Paralympian swimmer, Hendri Herbst is taking Durbanville Hills Wine Estate to court after an upsetting visit to the estate in 2014. Herbst’s guide dog was denied access to a restaurant on the property.

Herbst, who lives in Stellenbosch expressed outrage after his guide dog was denied access to a restaurant on the property. The incident occurred in 2014, during a family visit to the estate.

On arrival the group were refused access to tables inside the restaurant because of the estate’s “no dogs allowed policy”, even though Herbst explained that his dog Stan was in fact a guide dog. They were told they could only sit outside.

To not make a scene, they agreed, but when Herbst needed to use the bathroom, he was told his dog could not guide him to the bathroom, and that he should ask a family member to accompany him. They decided to leave thereafter.

“I took this incident seriously because of the blatant arrogance to dismiss the fact that he was not a pet, but a guide dog. You and your dog are one entity – the only difference is the wet nose.” Herbst told News 24.

Having dealt with similar incidents in the past, he decided to approach the Stellenbosch Legal Aid Clinic last year to assist in litigation against Durbanville Hills at the Equality Court, which will begin this month.

Spokesperson for wine production company Distell, Dennis Matsane, said both parties’ arguments will be heard in full before the court and the company denies any unfair discrimination against Herbst.

Herbst and his guide dog Stan Picture: Facebook

We spoke to South African Guide Dogs Association (SAGDA) spokesperson and service dog owner, Pieter van Niekerk who said such incidents are very common and that the community need to be more aware of people with differences.

“Occurrences like these are very common and we deal with them often, even just this week, we have already had two similar issues reported.”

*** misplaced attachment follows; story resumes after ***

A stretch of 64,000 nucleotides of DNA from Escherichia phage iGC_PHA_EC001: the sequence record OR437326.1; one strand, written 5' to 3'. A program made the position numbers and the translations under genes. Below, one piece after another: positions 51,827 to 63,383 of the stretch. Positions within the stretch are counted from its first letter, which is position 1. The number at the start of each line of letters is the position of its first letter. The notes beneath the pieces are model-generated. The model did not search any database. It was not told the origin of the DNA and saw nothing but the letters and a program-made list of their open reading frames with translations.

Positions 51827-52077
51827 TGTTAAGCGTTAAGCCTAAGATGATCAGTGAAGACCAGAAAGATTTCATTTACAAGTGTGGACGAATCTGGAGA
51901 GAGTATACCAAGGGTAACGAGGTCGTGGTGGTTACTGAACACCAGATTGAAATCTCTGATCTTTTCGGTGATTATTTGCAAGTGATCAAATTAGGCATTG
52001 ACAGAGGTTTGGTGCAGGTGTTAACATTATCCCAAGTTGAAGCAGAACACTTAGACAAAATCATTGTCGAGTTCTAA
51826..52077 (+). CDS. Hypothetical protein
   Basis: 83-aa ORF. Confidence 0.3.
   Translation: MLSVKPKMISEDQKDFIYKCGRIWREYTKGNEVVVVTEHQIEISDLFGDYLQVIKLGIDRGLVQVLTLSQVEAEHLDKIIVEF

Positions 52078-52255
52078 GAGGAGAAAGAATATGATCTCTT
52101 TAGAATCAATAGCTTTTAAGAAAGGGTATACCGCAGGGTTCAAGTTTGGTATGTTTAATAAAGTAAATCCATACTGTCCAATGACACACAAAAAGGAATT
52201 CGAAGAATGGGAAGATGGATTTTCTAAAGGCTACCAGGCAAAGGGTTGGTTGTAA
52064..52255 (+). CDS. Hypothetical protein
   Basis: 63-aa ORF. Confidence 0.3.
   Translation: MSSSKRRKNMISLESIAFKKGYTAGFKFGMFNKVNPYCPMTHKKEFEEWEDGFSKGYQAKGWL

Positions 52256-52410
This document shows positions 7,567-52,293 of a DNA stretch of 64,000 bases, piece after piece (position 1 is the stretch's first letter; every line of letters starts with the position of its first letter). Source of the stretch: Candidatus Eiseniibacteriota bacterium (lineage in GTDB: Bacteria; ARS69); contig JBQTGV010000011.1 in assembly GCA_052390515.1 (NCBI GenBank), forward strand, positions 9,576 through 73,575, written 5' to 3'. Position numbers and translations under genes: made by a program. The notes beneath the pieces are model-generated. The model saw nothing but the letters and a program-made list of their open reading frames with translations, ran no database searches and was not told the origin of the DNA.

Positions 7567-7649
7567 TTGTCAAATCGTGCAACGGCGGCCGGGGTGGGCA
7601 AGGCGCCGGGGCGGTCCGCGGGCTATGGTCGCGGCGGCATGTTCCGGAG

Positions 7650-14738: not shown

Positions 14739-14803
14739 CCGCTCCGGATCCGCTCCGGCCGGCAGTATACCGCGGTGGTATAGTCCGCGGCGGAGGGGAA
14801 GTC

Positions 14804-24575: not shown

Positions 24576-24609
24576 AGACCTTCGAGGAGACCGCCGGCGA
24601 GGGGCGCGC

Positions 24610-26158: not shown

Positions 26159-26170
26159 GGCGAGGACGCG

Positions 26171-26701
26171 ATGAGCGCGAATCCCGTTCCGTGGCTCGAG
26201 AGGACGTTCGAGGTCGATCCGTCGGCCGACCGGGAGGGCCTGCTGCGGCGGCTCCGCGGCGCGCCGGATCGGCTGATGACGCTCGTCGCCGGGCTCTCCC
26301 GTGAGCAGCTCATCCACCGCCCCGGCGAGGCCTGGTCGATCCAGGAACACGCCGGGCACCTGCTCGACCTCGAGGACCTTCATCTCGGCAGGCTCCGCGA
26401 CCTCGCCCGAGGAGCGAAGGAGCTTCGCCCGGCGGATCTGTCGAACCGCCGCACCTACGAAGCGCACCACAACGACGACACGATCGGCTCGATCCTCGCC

He said that the community need to make themselves more aware of people with disabilities and their guide, service or social dogs.

“All retailers should train their staff to be aware of people with disabilities and know the identification symbols showing what type of guide dogs they have with them and for what reasons, it is the right of all people suffering from disabilities to have their guide dog with them at all times.”

Niekerk explained that people should not be worried about the behavior of these service dogs as they are highly trained and extremely well behaved.

All these service dogs start out as puppies and can be identified by their blue puppy jackets with the South African Guide Dog Association for the blind logo on it.

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Picture from The South African Guide Dog Association

A Guide Dog always wears a leather harness.

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Picture from The South African Guide Dog Association

A service dog usually assists a physically or mentally disabled person who could be on crutches or in a wheelchair. Children can also have service dogs.

Service dogs wear bright red jackets that say “Service Dog” with the SA Guide Dog logo.

Learn more about the rights of working dog owners at The South African Guide Dog Association

 

Pictures: Facebook & SA Guide Dog Association

Article written by

Aimee Pace

Aimee is an avid gamer, enthusiastic yogi and animal lover. Addicted to anime, coffee and plant-based meals. Current favourite pastimes include, sewing and learning Japanese.